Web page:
The world over, art thrives on government and corporate support. The budget for the National Lalit Kala Akademi is 10 crore for a population of 130 crore. In Punjab, the budget is 1 crore for the Arts Council (all the three Akademies) for a population of about 3 crores. The governments need to be serious about the need for funding art and corporates have to take responsibility to support artistic endeavours and institutions. We need to organise biennales and triennales and have public art across India. A country of this size and a civilization as old as ours, replete with a rich culture, heritage, should be deriving strength from folk practices and art forms. We have to provide a platform to the naturally-gifted to hone their talent and become the artists of the 21st century.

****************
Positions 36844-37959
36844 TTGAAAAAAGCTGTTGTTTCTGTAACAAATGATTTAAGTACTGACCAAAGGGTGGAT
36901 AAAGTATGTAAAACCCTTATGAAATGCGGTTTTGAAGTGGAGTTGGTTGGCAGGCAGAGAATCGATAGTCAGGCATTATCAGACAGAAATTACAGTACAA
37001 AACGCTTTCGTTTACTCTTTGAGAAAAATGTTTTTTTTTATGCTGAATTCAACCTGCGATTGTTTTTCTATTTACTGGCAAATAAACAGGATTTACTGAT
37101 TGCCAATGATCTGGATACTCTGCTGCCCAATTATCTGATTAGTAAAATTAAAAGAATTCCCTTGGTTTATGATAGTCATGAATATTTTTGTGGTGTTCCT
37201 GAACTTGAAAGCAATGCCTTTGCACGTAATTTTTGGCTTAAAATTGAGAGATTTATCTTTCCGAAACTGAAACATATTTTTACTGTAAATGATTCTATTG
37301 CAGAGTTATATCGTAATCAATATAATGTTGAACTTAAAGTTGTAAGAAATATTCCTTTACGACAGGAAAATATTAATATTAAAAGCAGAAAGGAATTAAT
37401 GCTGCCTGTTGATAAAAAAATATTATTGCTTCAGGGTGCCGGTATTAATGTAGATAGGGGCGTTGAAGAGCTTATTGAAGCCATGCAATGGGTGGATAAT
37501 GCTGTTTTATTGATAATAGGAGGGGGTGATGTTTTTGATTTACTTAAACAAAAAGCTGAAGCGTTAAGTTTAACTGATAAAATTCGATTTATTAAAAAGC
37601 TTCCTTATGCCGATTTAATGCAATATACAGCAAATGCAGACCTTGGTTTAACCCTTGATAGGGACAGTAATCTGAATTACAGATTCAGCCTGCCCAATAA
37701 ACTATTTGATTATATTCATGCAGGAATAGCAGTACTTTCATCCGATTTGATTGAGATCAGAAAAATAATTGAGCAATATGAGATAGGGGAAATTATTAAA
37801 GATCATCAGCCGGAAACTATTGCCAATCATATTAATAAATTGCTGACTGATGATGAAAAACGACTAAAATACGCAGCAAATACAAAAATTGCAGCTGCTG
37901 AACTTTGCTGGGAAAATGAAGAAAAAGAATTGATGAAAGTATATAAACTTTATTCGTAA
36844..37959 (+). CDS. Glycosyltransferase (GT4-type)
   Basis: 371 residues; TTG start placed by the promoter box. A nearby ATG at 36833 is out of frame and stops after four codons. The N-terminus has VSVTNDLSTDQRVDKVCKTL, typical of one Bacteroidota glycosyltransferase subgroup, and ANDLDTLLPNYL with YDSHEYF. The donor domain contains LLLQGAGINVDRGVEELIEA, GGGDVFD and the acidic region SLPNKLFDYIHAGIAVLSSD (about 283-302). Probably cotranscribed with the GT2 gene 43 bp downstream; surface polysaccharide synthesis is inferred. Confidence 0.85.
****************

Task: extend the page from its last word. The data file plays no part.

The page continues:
Administrators and politicians need to be sensitised to the need to ‘invest’ in art and people will then respect and value art. When I left the Chandigarh Lalit Kala Akademi in 2015, the administration had raised the budget of the Akademi to Rs 80 lakh. Budgets for art are increased, never cut, so it is unfortunate that budgets for all the Akademies have been cut. It is ironic that the city that prides itself in being the well-planned does not have a building of its own to house the state Akademies. We have a museum that does not have sufficient space for contemporary art practices like installations and video art. We need a new gallery that can be designed to accommodate new art forms and galleries across the state for the promotion of art. All these initiatives need funds and we have to demand clear-cut policies and question decisions that are detrimental to the propagation of art. Creation of monumental works of art, honouring senior artists and remembering legends, is important.